Malegaon, a small town tucked away near the heart of India geographically, is fraught with communal tension and under economic depression. To escape the harsh reality of their world, its people seek refuge in the fantastical world of cinema. This passion for cinema has spurred a group of cinema enthusiasts to make their own films-quirky, low budget, socially aware and notoriously funny spoofs of Bollywood films. Their ambition has grown and now they are ready to take on Hollywood and Superman. We follow them on this journey and as the film begins to take shape, through schemes and approaches that are sublimely ingenious, simply bizarre and purely hysterical, we also slowly discover Malegaon itself. The film is a tribute to a spirit that can never be vanquished, the spirit that enables the ‘Supermen’ of Malegaon to make Malegaon’s Superman.
As Shakeel Bharati says early on in the film, amongst the many identifying features of Malegaon, one is its obsession with films. Kites with film star faces, haircuts inspired by film stars, film posters across the town, an old film poster used as a table cover reveal the craziness that spans the river, crossing over both the Hindu and Muslim sections of the town, and which is of course recognizable as an obsession that exists within every nook and corner of the country.
But what makes the Muslim quarter of Malegaon unique is its own cottage film industry, Mollywood, that co-exists with the ceaseless clacking of the cotton looms. Shaikh Nasir, a young man, bitten by the film bug from the days he ran a video parlour, decided to make films himself. With a small handi-cam, he learnt to shoot wedding videos, and then, made a parody of Sholay.
His friends say the film was a huge hit in Malegaon. People loved the transposition into their local language and dialect, with familiar people in town playing the classic roles. A remake ofShaan followed. And then, Shaikh Nasir decided to do ‘Superman’.
“No one’s messed with that story, so far,” he says, as he explains his choice. He claims that he learnt filmmaking at his video parlour, where he found the English films more entertaining and well made than the Hindi ones. His collection of film posters, clippings and hand-painted posters cover the floor as he says, “After all this, this is where the story has come to now.”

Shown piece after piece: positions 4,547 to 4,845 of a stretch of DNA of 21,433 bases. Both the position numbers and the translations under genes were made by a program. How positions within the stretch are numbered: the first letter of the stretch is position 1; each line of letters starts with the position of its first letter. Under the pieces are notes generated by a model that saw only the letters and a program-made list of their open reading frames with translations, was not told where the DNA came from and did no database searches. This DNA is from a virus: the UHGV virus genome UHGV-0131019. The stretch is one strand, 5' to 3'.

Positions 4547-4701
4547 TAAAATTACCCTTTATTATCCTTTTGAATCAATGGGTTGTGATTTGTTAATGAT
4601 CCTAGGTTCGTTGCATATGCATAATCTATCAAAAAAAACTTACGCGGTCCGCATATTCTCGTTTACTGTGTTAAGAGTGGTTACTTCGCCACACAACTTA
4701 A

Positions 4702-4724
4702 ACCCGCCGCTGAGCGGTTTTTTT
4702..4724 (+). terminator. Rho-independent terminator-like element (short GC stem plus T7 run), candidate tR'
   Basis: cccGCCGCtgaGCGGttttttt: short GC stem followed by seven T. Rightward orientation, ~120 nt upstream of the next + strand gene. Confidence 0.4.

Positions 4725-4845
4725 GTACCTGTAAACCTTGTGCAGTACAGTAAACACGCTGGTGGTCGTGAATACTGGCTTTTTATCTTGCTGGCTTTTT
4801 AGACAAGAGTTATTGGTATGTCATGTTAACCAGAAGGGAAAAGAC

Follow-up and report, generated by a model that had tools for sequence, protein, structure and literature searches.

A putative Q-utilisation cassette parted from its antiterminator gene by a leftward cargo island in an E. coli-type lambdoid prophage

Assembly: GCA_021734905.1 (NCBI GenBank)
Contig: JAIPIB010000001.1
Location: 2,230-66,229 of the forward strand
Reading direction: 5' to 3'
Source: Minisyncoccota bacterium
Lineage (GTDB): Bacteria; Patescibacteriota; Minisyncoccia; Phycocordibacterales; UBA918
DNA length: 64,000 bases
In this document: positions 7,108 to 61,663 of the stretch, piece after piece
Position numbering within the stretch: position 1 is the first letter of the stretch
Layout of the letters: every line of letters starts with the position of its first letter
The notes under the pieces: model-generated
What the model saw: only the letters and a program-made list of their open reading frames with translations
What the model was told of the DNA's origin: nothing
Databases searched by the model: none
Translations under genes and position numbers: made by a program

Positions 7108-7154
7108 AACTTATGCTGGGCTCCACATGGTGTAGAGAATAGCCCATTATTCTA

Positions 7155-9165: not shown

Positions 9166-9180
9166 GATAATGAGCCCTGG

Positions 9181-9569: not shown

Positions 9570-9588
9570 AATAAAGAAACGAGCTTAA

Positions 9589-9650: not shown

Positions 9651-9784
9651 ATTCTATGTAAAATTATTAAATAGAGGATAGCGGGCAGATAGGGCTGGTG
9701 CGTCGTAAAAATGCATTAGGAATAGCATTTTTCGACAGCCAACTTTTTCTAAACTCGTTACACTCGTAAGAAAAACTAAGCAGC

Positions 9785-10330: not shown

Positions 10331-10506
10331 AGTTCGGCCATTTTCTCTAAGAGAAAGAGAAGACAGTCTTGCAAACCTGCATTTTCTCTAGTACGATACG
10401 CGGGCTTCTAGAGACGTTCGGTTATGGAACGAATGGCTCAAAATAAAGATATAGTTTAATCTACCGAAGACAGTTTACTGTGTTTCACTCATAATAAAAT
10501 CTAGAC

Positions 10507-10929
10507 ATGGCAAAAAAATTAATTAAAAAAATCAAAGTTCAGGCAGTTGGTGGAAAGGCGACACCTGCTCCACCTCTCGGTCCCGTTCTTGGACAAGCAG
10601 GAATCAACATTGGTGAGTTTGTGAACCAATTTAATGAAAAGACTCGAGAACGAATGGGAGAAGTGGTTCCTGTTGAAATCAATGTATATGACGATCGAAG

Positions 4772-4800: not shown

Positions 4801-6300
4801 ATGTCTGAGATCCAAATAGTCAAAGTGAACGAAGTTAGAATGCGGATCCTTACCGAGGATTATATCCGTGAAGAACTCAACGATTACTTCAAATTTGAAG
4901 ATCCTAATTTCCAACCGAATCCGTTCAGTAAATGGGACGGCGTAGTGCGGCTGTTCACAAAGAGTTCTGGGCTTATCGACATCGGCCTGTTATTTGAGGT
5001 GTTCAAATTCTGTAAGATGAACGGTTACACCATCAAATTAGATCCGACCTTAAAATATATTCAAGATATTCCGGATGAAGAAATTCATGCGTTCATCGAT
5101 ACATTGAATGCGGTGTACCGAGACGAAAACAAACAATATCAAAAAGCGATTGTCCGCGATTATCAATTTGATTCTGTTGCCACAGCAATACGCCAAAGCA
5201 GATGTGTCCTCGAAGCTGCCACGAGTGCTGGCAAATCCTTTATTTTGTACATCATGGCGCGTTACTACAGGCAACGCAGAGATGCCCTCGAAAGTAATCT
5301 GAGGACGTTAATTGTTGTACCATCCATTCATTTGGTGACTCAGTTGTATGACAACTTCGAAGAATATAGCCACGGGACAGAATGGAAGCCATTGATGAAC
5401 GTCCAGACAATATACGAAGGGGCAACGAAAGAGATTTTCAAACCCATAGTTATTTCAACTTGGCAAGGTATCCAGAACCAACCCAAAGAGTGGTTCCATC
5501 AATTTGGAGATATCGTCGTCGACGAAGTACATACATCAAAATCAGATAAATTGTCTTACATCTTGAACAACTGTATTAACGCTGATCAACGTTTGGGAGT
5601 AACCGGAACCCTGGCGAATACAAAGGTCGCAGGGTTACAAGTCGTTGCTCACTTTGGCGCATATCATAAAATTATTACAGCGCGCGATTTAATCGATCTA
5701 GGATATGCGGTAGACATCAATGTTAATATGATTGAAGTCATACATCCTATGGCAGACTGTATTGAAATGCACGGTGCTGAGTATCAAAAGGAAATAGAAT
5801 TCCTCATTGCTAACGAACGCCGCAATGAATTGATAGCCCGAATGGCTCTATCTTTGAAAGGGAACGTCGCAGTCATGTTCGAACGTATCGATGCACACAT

The documentary Supermen of Malegaon films Shaikh Nasir’s journey as he sets out to make ‘Malegaon ka Superman.’ His passion and sincerity are all too apparent, but his anxiety at costs, schedules going awry, his minor irritations with his lead actor, make you identify with him, and admire his calm even more.
Shafique, a scrawny, poor loom worker who is chosen to be Superman, wins you over with his smile, and his complete innocence, as he is thrown into the river, shivers with cold, is beaten and pushed around, hung on rods or axles of bullock carts, by the seat of his pants, ignored by the next-town ‘frankly living’ heroine who is brought in because women are not allowed to work in this section of Malegaon.
The director, Fazia Ahmad Khan, touches on several issues, communal tensions, poverty, power cuts, women’s rights, religious beliefs through the stories of Shaikh Nasir, Shafique and the writers, Farogh and Akram, their ambitions and their circumstances. She does not over explain, but the fine work of cameramen, Gargey Trivedi and Parasher Baruah, reveals a town and its people with a gentle humour.
This could easily have become a patronizing look at amateur filmmaking, but at no stage does the documentary mock the film crew, and its truly hilarious efforts in making the film of their vision. Farogh’s insights into writing and cinema, his lack of drive that doesn’t match up to his so-called ambitions, a despairing poem about Malegon’s poverty recited in the dark of the night, while the writers warm themselves at a bonfire add a poignancy to the humorous film.
Shaikh Nasir sums it up when he says at the premiere of his film, “Pain and suffering is easy to come by. Laughter is precious. If you can make people laugh, no give and take, then maybe that’s worth something.”
Supermen of Malegaon ends with a cut of the song Superman, Malegaon ka main Superman, and at the end of it all, one is inspired by the passion that makes a film possible with the most meager of resources.
Though this is a documentary, which any audience will like I am sure, it will always hold more appeal for those of us who are filmmakers or film students, as it highlights the magic of cinema, and the magic that goes into making a film.
English, Urdu, Documentary, Color